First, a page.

Reviewed by Colin Jacobson (September 4, 2015)
Now 45 years into their existence, who would’ve believed that Aerosmith would still be together in 2015 – and with all the original members still involved? Given the excesses of their youths, who would’ve believed all five original members would be alive in 2015, much less active?
Still on the road, Aerosmith headlined one day of the hard rock-oriented Download Festival at England’s Donington Park. As expected, the band’s 20-song setlist represents a mix of eras, though it emphasizes the older material. 2012’s Music from Another Dimension! - Aerosmith’s first album of new material since 2001’s Just Push Play - provides only one song: “Freedom Fighter”, which also becomes the sole moment in which guitarist Joe Perry gets to take a lead vocal.
Otherwise it’s all Steven Tyler and all hits. “Dream On” and “Mama Kin” come from the band’s self-titled 1973 debut, and 1974’s Get Your Wings offers “Same Old Song and Dance” and “Train Kept A-Rollin’”.
1975’s classic Toys in the Attic brings us “Walk This Way”, “Sweet Emotion”, “No More No More” and the title song, while 1976’s Rocks - another classic – offers “Last Child” and “Home Tonight”. Our last effort from the 1970s comes via Aerosmith’s cover of the Beatles’ “Come Together”; it originally appeared on the soundtrack to 1978’s ill-fated Sgt. Pepper’s movie.
From there we leap all the way to 1987’s big comeback album Permanent Vacation, as it brings us “Dude (Looks Like a Lady)”. 1989’s even more successful Pump delivers “Love In an Elevator” and “Janie’s Got A Gun”.
As we round out the band’s discography, 1993’s Get A Grip provides “Eat the Rich”, “Livin’ on the Edge” and “Cryin’”. 1998’s “I Don’t Want to Miss a Thing” comes from the Armageddon soundtrack, and “Jaded” – the band’s last hit single – stems from the aforementioned Just Push Play.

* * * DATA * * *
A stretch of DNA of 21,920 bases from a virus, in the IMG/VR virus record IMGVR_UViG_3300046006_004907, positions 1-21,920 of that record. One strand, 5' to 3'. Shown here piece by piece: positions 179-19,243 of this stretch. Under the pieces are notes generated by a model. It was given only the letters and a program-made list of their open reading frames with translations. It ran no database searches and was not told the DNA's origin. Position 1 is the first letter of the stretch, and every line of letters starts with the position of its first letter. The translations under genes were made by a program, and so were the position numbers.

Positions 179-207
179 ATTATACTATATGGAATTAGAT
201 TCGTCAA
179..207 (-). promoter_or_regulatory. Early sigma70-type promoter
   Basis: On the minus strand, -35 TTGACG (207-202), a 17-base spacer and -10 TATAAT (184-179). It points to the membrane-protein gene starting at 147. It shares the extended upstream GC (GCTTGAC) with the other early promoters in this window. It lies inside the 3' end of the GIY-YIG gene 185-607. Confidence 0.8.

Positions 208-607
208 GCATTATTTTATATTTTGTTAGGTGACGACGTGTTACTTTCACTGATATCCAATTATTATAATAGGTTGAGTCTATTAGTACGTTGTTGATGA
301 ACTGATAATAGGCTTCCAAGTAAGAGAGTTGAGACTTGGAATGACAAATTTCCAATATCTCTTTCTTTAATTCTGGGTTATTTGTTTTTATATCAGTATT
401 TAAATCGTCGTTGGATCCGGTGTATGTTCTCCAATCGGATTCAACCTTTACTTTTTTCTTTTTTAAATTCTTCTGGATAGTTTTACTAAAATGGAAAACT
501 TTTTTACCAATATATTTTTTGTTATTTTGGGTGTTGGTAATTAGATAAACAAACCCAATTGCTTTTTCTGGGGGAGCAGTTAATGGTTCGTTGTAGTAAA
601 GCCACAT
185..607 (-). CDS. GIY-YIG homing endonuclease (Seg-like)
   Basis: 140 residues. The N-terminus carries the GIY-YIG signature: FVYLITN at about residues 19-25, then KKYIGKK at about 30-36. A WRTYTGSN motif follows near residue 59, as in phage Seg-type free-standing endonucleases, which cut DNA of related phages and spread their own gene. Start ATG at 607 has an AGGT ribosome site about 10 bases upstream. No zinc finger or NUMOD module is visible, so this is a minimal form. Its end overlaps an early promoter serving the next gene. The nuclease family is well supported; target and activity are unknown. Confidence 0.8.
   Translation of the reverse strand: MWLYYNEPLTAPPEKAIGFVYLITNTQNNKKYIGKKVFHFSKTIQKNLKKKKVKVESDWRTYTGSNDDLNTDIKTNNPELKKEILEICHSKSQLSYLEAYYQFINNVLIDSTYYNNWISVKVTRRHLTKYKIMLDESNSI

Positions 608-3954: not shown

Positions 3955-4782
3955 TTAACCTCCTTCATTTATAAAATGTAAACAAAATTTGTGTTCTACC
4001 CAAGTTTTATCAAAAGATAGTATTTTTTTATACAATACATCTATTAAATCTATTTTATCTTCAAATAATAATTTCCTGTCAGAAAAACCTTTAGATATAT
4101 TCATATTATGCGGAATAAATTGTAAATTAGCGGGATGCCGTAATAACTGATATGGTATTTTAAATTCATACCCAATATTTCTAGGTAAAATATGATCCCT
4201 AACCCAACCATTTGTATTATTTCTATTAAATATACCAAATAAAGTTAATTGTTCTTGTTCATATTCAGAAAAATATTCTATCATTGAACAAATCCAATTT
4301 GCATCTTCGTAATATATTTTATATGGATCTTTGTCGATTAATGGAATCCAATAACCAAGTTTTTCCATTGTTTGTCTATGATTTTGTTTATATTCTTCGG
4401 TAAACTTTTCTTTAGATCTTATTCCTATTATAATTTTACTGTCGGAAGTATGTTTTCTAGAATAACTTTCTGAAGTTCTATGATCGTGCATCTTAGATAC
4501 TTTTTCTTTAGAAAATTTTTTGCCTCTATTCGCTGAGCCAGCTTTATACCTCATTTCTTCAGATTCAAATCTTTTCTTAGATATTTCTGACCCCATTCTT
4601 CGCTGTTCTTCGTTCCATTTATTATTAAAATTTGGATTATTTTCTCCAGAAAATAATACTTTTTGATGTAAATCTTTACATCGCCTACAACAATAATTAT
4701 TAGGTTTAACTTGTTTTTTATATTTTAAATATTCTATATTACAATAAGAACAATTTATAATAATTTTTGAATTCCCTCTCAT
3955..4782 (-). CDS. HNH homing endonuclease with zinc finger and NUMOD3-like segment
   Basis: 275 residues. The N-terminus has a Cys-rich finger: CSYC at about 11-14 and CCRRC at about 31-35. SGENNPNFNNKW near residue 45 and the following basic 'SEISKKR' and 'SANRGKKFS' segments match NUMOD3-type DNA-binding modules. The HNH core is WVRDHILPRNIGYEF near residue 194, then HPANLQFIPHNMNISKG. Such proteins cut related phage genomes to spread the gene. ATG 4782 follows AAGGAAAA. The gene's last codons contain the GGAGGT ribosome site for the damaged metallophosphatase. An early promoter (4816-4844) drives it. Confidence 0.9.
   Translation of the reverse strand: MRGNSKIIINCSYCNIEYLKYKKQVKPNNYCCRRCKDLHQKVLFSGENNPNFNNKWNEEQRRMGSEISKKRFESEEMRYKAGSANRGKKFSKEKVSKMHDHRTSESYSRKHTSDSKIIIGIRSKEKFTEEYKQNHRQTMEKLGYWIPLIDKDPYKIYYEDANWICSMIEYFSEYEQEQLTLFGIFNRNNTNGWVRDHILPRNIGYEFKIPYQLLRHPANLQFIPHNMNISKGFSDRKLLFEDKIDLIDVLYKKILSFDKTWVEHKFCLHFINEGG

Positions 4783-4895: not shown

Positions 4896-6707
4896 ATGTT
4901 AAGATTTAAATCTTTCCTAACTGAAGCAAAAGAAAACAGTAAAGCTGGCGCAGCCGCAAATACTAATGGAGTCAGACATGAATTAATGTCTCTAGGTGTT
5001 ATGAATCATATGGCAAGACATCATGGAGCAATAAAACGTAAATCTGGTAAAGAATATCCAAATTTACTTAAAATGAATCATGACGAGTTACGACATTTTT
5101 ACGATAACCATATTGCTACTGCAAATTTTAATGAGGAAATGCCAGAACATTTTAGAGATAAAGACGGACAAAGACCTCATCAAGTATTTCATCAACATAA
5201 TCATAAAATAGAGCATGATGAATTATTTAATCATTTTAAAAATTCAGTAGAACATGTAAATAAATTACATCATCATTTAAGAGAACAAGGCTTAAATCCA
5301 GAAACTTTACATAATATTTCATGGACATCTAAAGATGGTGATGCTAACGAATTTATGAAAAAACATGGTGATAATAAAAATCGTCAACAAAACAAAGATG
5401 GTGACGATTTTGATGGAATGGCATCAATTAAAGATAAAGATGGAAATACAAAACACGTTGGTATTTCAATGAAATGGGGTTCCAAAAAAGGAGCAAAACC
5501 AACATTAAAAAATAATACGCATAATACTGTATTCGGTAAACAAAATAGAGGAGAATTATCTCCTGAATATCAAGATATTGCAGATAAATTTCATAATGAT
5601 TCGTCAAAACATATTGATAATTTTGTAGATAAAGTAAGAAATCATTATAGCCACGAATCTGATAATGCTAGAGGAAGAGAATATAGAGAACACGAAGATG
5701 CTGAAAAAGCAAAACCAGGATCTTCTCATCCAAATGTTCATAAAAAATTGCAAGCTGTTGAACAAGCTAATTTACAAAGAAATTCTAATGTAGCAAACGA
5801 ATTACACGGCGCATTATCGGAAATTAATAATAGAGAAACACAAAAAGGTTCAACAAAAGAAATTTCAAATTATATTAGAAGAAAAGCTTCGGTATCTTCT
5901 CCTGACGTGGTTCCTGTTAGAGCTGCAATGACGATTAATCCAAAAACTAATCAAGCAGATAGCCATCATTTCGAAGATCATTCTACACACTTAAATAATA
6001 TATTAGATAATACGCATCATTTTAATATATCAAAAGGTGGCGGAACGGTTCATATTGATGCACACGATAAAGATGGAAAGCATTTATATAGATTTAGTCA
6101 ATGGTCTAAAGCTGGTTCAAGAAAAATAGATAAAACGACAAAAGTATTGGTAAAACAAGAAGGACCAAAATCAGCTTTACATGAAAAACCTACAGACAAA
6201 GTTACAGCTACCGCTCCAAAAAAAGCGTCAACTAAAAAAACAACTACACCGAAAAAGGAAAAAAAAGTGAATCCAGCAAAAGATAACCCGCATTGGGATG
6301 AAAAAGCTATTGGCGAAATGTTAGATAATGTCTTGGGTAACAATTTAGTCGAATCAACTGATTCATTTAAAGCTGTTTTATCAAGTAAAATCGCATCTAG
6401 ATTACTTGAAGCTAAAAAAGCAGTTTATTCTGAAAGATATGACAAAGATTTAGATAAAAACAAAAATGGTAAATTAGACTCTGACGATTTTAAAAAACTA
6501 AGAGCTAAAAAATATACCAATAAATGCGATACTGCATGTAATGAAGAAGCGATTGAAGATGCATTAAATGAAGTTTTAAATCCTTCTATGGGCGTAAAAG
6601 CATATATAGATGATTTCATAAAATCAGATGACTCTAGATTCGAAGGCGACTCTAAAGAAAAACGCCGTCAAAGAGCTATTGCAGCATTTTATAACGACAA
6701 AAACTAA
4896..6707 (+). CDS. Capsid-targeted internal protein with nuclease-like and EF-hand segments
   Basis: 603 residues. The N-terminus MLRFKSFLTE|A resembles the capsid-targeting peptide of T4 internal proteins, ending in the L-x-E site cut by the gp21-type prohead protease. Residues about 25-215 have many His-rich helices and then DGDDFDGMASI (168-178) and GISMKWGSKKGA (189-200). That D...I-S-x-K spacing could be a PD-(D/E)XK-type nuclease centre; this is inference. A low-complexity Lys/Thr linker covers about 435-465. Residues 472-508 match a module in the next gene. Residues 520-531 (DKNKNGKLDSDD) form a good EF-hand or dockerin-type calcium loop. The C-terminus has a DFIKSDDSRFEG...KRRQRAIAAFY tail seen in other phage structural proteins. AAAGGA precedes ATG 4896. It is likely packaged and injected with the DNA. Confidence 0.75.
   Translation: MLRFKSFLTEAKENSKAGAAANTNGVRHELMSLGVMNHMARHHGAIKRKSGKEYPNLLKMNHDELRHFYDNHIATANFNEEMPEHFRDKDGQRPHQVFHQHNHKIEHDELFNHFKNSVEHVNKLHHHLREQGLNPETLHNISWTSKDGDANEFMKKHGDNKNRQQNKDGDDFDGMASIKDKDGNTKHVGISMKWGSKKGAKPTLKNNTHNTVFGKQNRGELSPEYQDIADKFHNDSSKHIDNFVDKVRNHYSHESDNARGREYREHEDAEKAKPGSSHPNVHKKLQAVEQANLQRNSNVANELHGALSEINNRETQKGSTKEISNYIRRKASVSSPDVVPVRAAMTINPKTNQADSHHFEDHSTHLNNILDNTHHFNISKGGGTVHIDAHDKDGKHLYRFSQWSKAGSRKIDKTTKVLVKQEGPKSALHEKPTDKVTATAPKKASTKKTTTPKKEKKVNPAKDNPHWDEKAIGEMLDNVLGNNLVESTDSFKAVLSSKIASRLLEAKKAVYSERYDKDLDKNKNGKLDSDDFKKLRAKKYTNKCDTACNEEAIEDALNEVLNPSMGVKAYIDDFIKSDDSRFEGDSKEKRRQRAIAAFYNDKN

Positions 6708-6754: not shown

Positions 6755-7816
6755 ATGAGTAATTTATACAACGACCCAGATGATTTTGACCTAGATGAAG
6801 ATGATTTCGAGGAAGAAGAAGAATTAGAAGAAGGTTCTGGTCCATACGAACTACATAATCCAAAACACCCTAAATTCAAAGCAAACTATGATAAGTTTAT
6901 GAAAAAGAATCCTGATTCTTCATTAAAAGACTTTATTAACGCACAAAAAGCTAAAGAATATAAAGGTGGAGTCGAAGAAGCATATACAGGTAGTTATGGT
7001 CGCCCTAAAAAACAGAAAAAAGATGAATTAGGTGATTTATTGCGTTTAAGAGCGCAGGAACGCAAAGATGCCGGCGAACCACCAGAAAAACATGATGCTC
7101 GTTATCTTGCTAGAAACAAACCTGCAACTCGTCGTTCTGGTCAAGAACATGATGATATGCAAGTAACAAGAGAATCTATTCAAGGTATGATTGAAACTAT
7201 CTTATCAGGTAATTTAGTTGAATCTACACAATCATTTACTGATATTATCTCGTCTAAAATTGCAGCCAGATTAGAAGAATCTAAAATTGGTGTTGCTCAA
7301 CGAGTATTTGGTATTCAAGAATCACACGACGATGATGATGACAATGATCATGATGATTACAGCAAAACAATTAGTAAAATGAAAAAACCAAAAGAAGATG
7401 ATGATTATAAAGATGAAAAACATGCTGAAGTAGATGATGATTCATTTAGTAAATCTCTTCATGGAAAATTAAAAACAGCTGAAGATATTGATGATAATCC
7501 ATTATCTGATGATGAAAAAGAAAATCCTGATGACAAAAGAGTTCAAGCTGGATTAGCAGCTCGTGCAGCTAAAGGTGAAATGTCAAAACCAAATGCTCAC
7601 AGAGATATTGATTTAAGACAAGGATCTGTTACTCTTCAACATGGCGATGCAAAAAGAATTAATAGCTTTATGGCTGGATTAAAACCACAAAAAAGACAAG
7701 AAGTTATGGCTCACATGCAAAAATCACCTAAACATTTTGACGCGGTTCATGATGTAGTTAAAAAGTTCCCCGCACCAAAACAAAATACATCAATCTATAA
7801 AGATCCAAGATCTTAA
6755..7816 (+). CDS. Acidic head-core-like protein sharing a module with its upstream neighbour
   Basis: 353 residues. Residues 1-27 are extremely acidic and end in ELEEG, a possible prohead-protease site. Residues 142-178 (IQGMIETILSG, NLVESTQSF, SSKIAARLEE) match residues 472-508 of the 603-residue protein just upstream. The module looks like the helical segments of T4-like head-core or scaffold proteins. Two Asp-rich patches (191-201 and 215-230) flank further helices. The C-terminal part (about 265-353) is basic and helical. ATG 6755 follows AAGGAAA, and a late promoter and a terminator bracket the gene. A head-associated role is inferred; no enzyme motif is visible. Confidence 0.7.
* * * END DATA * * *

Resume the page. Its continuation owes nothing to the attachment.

Though the set obviously favors the 70s, it seems fairly well-balanced. Aerosmith enjoyed a pretty nice resurgence in the late 80s through the late 90s, and Donington represents that reasonably well.
Does the DVD show a band with much left to give, though? Yeah, I think it does. No one expects Aerosmith circa 2014 to be the same band they were 40 – or even 20 – years ago. Ala the Stones or the Who, they exist mostly to tour behind their oldies. When an otherwise active band takes 11 years between original albums, that’s a sign they’re not going to be much of a creative force.
But I have no problem with Aerosmith’s choice to remain active on the road, even as a quote-unquote “oldies band”. While I think it’d be good if they tried to stay more relevant musically, if they want to enjoy the fruits of their labor and entertain people with their ample catalog of songs, I say they should go for it.
Especially if they can continue to play well. I won’t call Donington a great performance, but I think it’s a good one. Steven Tyler still musters mostly solid vocals, and other than occasional hiccups, the band sounds fine. They crank through the set with energy and enthusiasm.
As a concert, I like Donington, but as a video presentation, it loses points due to visual choices. Apparently directors Dick Carruthers and Jeff Claire thought Aerosmith lacked the flair they wanted, so they went nuts with the editing. Donington cuts like there’s no tomorrow, and this occurs during the vast majority of the program. The rapid-fire editing makes it tough to really absorb the performance and it becomes a distraction.
Despite that issue, I still like Donington. It shows Aerosmith in good form and turns into a mostly entertaining run through their catalog.